Guy’s news: Supermarkets, muckspreaders & unholy couplings

I’m very excited about my ‘new’ muckspreader. Actually it’s twenty years old, and tiny; a toy by modern standards, spreading a mere tonne at a time. No one else wanted it, but I think it’s just perfect for the job, spreading its load with a light, nimble touch on the land. Can a muckspreader be elegant? We do have a larger one, taking ten tonnes and needing a 150hp tractor to pull it; this behemoth is a cheaper way to get the job done, but it crushes everything in its path, leaving a trail of destruction behind.

I’m very excited about my ‘new’ muckspreader. Actually it’s twenty years old, and tiny; a toy by modern standards, spreading a mere tonne at a time. No one else wanted it, but I think it’s just perfect for the job, spreading its load with a light, nimble touch on the land. Can a muckspreader be elegant? We do have a larger one, taking ten tonnes and needing a 150hp tractor to pull it; this behemoth is a cheaper way to get the job done, but it crushes everything in its path, leaving a trail of destruction behind. The true cost of its lumbering is long term and subterranean, making it hard to resist the short term benefits of speed, convenience and cost. Nobody asked the earthworms, but I squirm in sympathy as the beast devours their homes.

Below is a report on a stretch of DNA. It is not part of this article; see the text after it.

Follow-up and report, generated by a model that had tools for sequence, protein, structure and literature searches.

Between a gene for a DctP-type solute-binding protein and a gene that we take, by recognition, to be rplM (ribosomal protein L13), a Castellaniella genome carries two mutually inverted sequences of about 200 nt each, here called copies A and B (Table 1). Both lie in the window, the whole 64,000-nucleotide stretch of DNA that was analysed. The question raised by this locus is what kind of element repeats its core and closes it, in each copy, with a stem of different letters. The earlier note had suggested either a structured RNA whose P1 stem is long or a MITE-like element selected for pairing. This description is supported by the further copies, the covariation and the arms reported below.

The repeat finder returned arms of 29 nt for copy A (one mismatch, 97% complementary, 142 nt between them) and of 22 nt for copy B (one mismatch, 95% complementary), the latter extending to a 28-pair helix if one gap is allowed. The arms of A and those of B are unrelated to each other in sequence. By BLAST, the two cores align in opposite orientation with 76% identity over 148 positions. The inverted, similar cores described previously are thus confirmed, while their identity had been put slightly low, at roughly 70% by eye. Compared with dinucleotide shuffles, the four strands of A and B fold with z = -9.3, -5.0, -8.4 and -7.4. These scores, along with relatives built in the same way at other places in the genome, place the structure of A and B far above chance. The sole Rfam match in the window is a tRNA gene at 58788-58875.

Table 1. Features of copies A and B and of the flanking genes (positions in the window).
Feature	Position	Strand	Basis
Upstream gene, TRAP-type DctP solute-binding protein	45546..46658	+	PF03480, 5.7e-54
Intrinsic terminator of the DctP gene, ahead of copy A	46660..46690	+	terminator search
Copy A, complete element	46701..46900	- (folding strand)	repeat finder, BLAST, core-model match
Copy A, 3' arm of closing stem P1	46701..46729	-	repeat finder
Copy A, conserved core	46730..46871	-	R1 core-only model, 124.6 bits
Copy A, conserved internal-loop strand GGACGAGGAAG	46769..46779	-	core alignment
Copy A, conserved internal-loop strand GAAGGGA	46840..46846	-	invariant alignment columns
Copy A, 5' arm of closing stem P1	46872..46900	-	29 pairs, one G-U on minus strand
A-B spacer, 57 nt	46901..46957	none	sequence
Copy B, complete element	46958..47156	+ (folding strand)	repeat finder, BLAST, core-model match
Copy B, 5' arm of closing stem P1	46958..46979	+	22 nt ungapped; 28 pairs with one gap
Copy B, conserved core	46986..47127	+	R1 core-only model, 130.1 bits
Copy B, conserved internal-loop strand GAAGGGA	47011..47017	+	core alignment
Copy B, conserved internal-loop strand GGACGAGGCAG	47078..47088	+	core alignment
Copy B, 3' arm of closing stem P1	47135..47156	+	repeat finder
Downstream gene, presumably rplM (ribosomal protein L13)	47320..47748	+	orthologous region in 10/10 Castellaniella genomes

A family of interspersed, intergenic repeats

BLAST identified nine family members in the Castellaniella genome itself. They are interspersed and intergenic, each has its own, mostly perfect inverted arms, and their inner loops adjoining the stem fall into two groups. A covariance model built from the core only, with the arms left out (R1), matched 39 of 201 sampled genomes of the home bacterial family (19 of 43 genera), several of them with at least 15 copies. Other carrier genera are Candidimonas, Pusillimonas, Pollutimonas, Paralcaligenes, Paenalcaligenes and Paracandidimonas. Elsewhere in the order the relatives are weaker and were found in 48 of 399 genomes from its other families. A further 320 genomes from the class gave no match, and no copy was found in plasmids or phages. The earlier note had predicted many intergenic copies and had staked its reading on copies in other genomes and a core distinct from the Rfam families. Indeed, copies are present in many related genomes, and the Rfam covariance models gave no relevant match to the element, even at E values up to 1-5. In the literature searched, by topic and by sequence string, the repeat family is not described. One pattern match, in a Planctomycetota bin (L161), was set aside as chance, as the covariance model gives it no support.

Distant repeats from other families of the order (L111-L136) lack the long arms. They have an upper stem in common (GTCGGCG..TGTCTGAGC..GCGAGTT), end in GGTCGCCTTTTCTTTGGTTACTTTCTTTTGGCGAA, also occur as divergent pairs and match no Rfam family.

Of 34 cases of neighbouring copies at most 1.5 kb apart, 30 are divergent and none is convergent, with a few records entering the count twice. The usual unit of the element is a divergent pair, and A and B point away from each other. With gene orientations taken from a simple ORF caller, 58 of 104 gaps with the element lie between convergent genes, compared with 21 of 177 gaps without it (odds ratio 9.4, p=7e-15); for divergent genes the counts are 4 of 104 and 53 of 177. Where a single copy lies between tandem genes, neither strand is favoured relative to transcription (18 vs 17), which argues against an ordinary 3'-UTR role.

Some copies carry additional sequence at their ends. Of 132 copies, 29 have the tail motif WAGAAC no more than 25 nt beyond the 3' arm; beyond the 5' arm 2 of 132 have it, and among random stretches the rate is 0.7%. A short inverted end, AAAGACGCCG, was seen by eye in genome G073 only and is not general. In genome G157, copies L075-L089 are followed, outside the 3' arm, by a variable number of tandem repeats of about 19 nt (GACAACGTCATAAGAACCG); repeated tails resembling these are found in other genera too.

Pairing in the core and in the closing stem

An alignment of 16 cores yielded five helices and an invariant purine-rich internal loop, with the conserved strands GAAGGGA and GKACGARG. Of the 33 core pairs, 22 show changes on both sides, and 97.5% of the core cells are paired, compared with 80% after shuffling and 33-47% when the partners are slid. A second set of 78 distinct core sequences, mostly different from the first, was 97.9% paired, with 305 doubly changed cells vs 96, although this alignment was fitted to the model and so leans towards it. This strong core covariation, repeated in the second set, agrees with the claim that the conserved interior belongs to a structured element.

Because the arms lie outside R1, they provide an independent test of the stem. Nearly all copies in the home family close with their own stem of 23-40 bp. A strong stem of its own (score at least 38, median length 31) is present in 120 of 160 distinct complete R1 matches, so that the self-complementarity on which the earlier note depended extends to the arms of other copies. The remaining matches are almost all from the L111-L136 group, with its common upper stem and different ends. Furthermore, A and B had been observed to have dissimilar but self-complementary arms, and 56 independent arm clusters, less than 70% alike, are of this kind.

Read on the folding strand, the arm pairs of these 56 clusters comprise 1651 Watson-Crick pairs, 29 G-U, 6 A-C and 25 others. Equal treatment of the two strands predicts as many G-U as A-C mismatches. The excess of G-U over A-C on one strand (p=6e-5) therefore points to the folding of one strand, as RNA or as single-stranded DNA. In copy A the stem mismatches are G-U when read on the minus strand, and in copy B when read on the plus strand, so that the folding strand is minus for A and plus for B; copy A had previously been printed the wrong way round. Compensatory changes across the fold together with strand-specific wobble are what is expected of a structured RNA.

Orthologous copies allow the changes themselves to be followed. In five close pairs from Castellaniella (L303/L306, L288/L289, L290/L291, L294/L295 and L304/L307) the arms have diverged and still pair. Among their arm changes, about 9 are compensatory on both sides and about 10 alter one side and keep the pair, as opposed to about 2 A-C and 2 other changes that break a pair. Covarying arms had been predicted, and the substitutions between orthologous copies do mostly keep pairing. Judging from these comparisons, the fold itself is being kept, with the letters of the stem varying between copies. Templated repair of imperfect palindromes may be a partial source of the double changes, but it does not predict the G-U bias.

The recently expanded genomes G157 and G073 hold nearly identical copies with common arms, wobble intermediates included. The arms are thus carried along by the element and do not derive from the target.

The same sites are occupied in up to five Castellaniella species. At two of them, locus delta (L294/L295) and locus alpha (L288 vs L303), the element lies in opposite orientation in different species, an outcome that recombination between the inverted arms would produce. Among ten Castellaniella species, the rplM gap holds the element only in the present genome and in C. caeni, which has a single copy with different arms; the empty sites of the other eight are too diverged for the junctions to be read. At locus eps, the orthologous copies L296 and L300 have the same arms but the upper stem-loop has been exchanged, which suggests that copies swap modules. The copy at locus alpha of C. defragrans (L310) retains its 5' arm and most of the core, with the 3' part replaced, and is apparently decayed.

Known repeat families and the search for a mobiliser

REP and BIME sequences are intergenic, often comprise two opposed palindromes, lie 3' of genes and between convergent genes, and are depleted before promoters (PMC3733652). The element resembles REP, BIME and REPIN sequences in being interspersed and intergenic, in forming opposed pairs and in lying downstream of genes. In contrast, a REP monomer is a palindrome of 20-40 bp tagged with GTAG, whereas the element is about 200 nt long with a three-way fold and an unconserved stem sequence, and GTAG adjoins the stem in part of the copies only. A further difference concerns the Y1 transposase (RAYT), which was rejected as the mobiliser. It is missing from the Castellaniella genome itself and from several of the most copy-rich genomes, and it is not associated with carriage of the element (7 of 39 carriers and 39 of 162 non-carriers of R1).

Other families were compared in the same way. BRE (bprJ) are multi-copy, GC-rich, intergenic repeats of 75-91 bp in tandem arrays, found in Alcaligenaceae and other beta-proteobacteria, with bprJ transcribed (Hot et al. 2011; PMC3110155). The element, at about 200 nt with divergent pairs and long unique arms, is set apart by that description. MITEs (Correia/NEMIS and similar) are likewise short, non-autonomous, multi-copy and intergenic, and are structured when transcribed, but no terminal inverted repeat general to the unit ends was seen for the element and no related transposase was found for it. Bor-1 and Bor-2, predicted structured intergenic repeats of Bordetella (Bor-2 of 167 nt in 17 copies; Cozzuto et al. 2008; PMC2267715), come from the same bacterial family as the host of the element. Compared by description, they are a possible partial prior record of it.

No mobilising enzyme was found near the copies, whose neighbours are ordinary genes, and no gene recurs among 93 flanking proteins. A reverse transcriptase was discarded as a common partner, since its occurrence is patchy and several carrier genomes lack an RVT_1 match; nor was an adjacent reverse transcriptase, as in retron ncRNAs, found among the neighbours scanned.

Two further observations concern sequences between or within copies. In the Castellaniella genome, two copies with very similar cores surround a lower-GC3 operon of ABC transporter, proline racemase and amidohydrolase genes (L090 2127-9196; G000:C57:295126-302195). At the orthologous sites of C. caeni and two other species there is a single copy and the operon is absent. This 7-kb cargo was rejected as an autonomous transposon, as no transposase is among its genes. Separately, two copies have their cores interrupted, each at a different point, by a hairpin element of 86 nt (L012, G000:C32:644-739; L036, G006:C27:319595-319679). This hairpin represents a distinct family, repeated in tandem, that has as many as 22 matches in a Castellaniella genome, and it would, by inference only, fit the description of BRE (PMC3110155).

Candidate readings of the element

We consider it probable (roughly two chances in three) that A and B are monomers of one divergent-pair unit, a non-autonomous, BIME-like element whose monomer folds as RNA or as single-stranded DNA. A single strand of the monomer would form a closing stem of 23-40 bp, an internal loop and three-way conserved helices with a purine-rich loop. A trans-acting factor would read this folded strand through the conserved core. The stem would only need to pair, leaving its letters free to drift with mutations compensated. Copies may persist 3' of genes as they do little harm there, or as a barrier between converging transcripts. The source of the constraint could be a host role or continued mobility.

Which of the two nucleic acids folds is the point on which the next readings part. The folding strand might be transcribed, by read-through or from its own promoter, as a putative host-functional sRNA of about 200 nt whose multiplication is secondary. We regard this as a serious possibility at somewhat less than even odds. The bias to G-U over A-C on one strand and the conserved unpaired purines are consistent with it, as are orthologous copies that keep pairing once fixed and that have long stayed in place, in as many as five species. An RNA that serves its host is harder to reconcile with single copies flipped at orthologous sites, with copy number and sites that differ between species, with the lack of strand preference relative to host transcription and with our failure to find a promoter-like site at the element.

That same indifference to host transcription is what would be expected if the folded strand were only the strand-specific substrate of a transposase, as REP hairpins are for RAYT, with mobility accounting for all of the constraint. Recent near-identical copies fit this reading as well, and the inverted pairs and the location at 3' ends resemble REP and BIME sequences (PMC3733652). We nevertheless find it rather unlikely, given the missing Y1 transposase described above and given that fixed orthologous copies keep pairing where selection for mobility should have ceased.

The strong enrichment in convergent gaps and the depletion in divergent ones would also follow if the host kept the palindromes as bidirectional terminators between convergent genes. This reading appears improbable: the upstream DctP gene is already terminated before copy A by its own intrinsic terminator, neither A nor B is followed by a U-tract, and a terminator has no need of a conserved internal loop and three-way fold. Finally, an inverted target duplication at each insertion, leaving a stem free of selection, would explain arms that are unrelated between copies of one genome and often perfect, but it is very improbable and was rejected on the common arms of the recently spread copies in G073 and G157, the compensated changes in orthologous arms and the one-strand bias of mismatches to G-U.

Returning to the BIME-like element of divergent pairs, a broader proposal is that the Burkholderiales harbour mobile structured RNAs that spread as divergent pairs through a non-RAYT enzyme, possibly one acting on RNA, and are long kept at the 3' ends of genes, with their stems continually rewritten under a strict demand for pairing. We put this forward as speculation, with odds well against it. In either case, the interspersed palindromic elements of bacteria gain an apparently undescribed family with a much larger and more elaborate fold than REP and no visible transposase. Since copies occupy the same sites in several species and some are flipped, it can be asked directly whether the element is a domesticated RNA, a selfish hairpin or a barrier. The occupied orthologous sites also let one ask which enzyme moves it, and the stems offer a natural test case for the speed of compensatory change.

The unholy coupling of Asdapod and Sainsceratops will create a clumsy gargantuan, let loose to destroy all in the path of its flailing battle with Tescosaurus rex. More anonymous, over-travelled, additive-laden food, larger distribution centres, more low-paid jobs… The earthworms here will be the helpless, invisible suppliers: forced to wait ever longer to be paid while their cash feeds the beast’s insatiable appetite for growth, and squeezed to extinction just to shave a penny off the price of butter. No, I don’t think the merger is a great idea. I used to feed these monsters myself, before side-stepping into a cave too small for them.

How do we turn this around, for some sanity to prevail? It took a massive meteorite strike to end the dinosaurs’ reign, allowing those freaky, light-footed mammals on the fringes to have their day. Might the internet topple the vast, inflexible beasts? Perhaps, but beware the voracious Amazonosaurus.

But it hasn’t all been bad news. The EU virtually banned neonicotinoid insecticides last week, as the evidence of their contribution to the catastrophic decline of bees and other pollinators became overwhelming. Michael Gove, Defra, and the UK government’s advisory panel on pesticides even led the way. Well done.

Guy Singh-Watson

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